As is becoming the norm technology is now part and parcel of modern life, and walking is no exception. Many like to plan their route on PC then transfer to a GPS Device. You can also use apps on your smartphone – just remember that Google Maps are useless in this situation! The OS Maps app by the Ordnance Survey is one of the best deals out there. The app itself is mediocre, with the functionality basic and we found it flaky and unreliable on our top end Google Pixel Android Phone. However, where the app does impress us is that for £23 or so a year, you can subscribe to ALL the OS maps available and see them on your phone and their website. That strikes us as an excellent deal for frequent hill walkers. However, if you buy a new map then you get a Digital Download which allows you to view that map on your smartphone without the need for a signal. Unfortunately, you cannot upload a GPX File to the app without a subscription.
All our routes up Scafell Pike come with a FREE GPX GPS file for you to download and load onto your device, but do remember GPSs are there to aid navigation and should be used as such, always carry a paper map.
Wondering what else you might need for a safe walk up Scafell Pike? Check out our equipment and gear page which includes a full gear checklist for both Summer and Winter.
Walk up Scafell Pike
Gear you may need
Welcome to Walk up Scafell Pike
Walk up Scafell Pike is the dedicated on-line guidebook for walking routes up Scafell Pike in the English Lake District, with free walking maps and full guides to all the routes to the summit of England’s highest mountain.
Scafell Pike is the highest mountain in England at 978m high and is one of the mountains climbed on the Three Peaks Challenge walk. It’s a formidable mountain that needs respect, with no such thing as an easy route up the mountain to be had. All the walks and hikes are a challenge, and well worth the effort to reach the roof of England.
The Routes to the Top of Scafell Pike page has an interactive map that shows all the walking routes to the summit of Scafell Pike from Wasdale Head, Scafell Pike from Borrowdale and Scafell Pike from Langdale as well as hotels, campsites and pubs near Scafell Pike (add your Lake District business for free), and there’s a page for each walk that shows the route, parking postcode, a downloadable file for your GPS device as well as details on the weather for the mountain.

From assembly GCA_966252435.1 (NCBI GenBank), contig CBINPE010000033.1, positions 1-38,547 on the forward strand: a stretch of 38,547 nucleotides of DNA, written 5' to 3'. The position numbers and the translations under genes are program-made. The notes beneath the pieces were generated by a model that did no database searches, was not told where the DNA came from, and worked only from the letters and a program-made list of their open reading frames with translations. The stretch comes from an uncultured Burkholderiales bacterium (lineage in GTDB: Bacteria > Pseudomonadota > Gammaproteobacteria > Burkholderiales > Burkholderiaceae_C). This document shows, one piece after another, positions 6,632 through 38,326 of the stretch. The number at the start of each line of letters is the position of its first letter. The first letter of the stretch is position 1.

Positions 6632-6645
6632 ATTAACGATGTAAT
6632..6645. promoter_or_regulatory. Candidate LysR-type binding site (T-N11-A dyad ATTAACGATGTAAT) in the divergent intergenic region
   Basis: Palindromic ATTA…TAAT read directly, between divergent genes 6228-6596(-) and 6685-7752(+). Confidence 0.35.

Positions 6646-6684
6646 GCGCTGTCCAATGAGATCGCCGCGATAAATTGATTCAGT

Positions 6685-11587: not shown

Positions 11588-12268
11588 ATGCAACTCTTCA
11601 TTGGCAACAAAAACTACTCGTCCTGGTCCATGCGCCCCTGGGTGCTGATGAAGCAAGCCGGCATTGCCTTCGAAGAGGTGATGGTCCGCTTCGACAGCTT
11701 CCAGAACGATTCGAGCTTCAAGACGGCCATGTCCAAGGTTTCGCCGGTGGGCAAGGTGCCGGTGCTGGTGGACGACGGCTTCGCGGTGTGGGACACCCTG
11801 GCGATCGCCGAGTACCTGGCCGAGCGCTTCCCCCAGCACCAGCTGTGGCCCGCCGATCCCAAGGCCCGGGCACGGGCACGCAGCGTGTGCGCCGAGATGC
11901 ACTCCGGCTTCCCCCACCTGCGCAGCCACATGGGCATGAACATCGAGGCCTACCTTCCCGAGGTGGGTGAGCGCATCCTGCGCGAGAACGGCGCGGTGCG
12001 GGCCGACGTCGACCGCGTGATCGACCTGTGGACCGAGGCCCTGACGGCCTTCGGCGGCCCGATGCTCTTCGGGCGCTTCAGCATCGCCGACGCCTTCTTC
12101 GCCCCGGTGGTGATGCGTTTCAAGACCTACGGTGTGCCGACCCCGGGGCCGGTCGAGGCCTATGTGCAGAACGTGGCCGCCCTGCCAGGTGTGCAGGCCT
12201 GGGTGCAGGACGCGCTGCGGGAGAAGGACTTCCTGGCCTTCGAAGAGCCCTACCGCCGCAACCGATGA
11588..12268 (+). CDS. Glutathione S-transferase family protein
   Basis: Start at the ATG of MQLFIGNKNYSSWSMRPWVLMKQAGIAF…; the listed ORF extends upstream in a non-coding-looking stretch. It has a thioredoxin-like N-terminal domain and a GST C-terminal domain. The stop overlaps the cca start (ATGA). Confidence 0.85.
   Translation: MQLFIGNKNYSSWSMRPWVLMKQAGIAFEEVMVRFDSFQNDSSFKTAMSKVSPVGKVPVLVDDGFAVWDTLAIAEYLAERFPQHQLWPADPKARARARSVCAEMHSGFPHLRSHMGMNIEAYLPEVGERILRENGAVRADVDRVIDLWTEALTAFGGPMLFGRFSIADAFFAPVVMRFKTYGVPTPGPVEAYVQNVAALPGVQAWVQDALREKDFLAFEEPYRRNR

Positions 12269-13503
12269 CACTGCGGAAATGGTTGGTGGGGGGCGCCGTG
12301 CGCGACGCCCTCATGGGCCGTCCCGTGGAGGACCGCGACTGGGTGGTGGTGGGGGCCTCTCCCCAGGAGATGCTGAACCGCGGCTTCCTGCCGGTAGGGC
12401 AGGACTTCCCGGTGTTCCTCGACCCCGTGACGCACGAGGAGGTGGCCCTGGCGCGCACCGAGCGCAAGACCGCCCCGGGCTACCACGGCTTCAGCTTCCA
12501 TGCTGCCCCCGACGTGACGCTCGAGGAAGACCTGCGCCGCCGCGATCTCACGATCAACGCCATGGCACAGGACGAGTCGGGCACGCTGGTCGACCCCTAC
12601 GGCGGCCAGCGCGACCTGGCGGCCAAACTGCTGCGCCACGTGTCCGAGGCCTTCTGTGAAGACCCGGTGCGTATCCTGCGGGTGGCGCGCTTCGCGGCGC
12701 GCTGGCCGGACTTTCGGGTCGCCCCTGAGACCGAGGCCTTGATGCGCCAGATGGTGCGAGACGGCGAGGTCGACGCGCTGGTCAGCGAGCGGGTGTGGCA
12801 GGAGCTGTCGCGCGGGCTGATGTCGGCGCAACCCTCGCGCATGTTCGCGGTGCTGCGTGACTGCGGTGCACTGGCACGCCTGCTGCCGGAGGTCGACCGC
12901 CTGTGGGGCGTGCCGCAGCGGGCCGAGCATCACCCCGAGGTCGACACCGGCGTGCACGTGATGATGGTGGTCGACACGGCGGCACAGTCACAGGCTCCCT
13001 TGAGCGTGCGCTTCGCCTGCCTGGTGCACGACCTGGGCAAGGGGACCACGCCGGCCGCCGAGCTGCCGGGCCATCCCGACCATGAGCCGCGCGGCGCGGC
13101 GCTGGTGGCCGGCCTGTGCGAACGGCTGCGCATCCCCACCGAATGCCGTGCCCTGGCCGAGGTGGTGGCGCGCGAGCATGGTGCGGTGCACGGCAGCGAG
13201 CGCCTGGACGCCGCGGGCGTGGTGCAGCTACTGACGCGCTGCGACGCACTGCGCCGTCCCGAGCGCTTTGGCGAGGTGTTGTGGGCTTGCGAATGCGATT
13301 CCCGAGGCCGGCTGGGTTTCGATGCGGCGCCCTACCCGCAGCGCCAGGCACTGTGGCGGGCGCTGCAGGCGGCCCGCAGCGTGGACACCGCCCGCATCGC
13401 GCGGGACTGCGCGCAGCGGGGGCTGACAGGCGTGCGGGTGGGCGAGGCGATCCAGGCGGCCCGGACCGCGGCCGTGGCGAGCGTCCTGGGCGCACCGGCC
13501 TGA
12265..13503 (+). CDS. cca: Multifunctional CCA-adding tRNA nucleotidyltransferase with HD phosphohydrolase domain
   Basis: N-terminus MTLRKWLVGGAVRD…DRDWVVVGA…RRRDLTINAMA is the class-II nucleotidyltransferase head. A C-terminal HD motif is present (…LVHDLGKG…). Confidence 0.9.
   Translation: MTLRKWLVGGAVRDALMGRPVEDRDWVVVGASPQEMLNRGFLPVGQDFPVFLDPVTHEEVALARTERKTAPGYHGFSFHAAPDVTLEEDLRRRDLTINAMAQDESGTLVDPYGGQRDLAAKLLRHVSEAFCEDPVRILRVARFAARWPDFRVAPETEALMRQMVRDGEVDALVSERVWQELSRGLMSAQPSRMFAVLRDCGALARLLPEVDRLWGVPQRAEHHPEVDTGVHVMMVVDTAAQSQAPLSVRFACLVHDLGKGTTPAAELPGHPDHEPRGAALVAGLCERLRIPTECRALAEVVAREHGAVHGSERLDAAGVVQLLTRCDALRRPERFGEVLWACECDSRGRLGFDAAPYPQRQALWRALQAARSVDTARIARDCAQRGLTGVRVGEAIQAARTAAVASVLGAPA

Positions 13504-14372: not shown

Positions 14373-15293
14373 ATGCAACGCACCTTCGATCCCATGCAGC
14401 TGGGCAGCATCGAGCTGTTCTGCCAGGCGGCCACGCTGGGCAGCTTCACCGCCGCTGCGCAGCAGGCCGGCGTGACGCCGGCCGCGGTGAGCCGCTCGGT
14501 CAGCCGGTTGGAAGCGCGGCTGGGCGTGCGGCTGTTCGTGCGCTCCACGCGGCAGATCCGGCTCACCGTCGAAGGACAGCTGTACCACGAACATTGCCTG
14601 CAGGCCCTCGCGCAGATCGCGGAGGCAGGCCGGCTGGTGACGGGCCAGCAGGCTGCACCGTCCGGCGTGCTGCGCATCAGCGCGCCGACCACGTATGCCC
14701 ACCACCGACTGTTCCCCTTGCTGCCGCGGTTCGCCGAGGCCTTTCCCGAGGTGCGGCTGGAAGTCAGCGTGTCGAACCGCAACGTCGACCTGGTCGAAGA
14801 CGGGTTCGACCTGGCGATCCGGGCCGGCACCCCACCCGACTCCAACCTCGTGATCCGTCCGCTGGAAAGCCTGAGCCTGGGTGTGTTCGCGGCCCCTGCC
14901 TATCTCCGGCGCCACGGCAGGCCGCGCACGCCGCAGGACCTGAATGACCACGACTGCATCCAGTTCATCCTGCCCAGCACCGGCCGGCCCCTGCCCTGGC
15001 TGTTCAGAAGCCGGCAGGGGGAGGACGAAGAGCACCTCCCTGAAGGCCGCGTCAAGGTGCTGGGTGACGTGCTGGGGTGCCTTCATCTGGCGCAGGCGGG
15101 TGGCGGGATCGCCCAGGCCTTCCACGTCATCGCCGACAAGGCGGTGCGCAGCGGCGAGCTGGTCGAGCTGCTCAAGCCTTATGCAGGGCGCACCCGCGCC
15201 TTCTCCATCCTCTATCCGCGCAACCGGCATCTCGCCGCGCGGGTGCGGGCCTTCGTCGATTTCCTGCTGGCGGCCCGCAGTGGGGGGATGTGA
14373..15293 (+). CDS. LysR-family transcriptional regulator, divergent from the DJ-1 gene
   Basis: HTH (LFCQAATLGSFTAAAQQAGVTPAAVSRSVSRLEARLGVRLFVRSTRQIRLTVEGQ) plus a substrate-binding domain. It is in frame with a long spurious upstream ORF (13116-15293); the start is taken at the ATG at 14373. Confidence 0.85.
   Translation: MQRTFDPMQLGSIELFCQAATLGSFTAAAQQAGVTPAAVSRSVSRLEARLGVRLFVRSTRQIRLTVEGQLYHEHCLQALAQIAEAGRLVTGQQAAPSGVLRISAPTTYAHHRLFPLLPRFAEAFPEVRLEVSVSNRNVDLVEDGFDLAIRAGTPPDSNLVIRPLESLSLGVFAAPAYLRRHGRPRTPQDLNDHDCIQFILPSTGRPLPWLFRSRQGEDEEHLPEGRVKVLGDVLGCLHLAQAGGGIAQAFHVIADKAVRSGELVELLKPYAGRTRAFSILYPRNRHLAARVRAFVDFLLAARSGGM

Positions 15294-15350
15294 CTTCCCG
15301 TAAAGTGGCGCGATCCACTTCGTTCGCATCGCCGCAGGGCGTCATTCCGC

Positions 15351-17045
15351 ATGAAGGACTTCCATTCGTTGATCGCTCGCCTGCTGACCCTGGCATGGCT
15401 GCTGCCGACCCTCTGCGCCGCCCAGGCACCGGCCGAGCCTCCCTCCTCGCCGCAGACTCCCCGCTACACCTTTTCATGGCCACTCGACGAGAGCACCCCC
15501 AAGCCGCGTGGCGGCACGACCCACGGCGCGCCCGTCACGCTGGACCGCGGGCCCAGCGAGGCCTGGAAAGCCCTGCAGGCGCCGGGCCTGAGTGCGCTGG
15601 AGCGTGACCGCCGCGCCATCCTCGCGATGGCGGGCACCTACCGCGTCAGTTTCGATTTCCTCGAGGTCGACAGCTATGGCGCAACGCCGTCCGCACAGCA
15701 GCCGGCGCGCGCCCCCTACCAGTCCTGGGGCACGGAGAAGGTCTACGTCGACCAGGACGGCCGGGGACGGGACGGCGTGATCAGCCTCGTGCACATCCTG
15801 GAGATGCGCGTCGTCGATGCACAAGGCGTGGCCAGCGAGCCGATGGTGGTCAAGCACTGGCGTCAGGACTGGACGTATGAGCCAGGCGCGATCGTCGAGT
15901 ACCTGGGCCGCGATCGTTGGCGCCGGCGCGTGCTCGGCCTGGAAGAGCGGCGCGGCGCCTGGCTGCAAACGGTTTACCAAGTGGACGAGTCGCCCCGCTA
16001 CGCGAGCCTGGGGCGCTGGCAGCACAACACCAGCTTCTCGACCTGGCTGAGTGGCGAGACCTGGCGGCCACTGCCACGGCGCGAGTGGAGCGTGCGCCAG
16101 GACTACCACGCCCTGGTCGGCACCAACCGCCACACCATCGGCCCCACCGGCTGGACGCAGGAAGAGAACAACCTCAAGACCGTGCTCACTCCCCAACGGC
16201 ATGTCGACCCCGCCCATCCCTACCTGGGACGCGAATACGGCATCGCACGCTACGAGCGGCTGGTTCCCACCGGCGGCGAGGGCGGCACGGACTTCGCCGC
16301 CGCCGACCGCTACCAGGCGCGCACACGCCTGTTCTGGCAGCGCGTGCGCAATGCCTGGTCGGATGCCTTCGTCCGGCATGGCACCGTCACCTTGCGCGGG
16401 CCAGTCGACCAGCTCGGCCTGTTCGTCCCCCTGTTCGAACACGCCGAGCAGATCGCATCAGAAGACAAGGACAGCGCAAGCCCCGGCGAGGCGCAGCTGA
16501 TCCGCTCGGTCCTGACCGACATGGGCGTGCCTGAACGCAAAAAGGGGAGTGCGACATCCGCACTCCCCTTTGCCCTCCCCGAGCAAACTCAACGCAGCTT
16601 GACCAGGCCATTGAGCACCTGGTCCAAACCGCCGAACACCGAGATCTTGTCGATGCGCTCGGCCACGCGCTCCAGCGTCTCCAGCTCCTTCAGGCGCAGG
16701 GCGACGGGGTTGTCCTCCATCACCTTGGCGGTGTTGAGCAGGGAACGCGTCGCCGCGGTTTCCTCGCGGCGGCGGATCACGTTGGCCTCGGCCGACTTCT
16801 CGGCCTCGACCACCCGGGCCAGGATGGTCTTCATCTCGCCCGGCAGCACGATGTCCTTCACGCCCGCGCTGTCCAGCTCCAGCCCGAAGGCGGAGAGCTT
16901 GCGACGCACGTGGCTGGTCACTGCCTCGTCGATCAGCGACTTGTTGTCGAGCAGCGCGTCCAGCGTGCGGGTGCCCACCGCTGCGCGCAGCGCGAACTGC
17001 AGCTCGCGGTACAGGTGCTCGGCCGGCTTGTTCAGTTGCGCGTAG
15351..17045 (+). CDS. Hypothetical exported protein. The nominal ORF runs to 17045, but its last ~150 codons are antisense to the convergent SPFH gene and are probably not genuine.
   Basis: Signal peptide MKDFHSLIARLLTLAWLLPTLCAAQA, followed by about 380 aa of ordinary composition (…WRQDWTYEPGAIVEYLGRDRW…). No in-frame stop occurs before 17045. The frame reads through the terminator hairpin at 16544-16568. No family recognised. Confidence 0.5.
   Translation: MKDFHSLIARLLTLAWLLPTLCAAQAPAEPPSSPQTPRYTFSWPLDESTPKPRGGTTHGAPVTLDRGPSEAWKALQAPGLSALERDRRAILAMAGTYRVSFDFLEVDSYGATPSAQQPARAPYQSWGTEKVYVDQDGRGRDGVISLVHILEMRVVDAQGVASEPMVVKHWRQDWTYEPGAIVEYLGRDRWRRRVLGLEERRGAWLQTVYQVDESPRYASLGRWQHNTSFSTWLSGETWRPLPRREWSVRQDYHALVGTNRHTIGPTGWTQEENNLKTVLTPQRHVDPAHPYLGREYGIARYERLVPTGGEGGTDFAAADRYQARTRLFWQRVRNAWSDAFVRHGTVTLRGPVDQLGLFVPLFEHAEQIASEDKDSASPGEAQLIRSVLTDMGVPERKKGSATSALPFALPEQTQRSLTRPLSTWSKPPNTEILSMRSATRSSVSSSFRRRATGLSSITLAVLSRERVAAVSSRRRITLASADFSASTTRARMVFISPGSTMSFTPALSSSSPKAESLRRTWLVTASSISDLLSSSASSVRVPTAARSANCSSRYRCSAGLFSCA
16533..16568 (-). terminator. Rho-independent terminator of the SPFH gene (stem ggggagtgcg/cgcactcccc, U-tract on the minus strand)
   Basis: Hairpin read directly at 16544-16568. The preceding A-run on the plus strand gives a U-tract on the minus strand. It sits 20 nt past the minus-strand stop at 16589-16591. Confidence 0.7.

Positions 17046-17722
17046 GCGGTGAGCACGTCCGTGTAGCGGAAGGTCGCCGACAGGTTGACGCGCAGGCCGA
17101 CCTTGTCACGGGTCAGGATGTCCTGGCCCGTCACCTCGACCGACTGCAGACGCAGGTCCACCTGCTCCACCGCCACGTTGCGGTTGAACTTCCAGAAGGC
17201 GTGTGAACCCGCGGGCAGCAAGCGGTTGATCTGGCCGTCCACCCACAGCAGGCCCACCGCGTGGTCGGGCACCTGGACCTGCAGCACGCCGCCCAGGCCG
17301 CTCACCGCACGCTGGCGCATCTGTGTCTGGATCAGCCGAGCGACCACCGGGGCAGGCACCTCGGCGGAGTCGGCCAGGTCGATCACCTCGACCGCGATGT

Check out the Frequently Asked Questions page for more Scafell Pike facts such as how long will it take to climb Scafell Pike, where can i start the walk from and other questions.
Main Walking Routes up Scafell Pike
|Route Name||Starting Point||Parking Post Code||Distance||Ascent||Walking Time|
|Scafell Pike from Wasdale or Wasdale Head||Wasdale or Wasdale Head||CA20 1EX (Wasdale Head)||4.2km*||900m*||3-4 hours**|
|Scafell Pike from Seathwaite, Borrowdale (Corridor Route)||Borrowdale||CA12 5XJ||15km (round trip)||1000m||6 hours+|
|Scafell Pike from Langdale||Langdale||LA22 9JY||9km||1130m||4 hours**|
|Scafell Pike from Hardknott (southern approach) Eskdale||Hardknott||CA19 1TG – for Boot – then continue up Hardkott Pass to GR NY211 011||17km||1000m||6 hours|
|Scafell Pike Corridor Route from Wasdale||Wasdale or Wasdale Head||CA20 1EX (Wasdale Head)||7.8km*||970m*||3-4 hours **|
*Distance/Ascent noted is for one way only.
**Time is for one way only, and variable. Very fit walkers can walk up and down in 3-4 hours(depending on the route)and will know their own timings and speed. If in doubt, assume the longest duration for your ascent and add the longest for your descent, depending on route. Add a good half hour or more for the summit stop as well.